Unlike Luke, Matthew doesn’t begin the story focused on Mary, but with Joseph.

Here is a man who loves the woman he is betrothed to, who, as it turns out, is pregnant. Even in today’s world this would be quite a demand, for a man to marry a woman who was pregnant with a child that is not his own. But Joseph loved her, and even when he wanted to send her away, he wanted to do so quietly in order to protect her. But this incredible story doesn’t end there because God interceded. In a dream, Joseph was told what to do. When Joseph awoke, he knew he must trust in God and take Mary as his wife.

Wow, what faith in God! There are so many opportunities in this situation for Joseph to slip away quietly, and who would blame him? But his faith in God was greater than his fear of the unknown, and as a result, he played a key part in ushering in Emmanuel. Joseph was able and willing to set aside everything he knew and risk the unknown in order to surrender more fully to God.

He was not hasty to judge or to react with hurt and anger.  God rewarded him not only with guidance and consolation, but with the divine assurance that he had indeed called Joseph to be the husband of Mary and to assume a mission that would require the utmost faith, confidence, and trust in Almighty God.  Joseph believed in the divine message to take Mary as his wife and to accept the child in her womb as the promised Messiah.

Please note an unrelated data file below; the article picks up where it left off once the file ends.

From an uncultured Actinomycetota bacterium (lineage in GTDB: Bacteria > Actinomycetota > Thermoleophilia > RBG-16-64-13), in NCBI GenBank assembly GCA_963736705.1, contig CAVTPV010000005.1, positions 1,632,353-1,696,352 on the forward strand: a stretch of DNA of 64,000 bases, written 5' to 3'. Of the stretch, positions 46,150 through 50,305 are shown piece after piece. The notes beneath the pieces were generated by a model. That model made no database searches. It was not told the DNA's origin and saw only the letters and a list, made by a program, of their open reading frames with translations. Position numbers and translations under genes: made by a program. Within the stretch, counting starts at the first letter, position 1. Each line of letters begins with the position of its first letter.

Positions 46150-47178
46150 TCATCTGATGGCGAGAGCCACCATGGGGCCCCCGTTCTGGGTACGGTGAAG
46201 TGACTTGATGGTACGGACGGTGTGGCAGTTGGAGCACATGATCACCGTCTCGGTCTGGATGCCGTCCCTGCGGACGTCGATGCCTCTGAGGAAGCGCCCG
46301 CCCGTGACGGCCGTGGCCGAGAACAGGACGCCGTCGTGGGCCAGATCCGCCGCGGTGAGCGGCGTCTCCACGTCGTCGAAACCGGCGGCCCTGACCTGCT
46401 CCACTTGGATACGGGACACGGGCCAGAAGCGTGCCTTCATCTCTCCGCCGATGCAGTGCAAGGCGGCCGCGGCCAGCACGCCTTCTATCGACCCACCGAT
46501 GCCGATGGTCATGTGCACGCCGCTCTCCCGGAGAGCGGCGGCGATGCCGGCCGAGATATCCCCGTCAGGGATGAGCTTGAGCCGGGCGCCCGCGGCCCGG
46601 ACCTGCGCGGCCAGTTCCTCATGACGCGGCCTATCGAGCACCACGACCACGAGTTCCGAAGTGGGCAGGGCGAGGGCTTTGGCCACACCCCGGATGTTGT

Like Mary, Joseph is a model of faith for us. He is a faithful witness and servant of God’s unfolding plan of redemption. Are you ready to believe in the promises of God, even when faced with perplexing circumstances and what seems like insurmountable problems?  God has not left us alone, but has brought us his only begotten Son, our Lord and Savior Jesus Christ.  Let us look forward to Christmas, the feast of the Incarnation, with joyful hearts and let us renew our faith and hope in God and in his redeeming work.

 Prayer of The Day

Lord, you wonderfully invite me to help you in your mission to save souls, Lord. You respect my freedom, and you want me to respond out of love. Let me appreciate that truth fully and let me be generous with you.

 Daily Note

This Gospel passage could be called a second Annunciation. At the first Annunciation, Mary said “yes” to the angel. Now, Joseph’s “yes” was needed in order to ensure that Jesus would have the appearance of an earthly father (and a reputable lineage). Jesus often wants to come back into the world, so to speak, to touch lives: through a work of charity, a word of kindness ― or even a new baby. He counts on our help though. What help could Jesus be asking of me so as to carry out his plans? Could I be thwarting his plans because of laziness, stubbornness, or selfishness? Is he asking me to cooperate with someone? With a loved one? A classmate? A co-worker?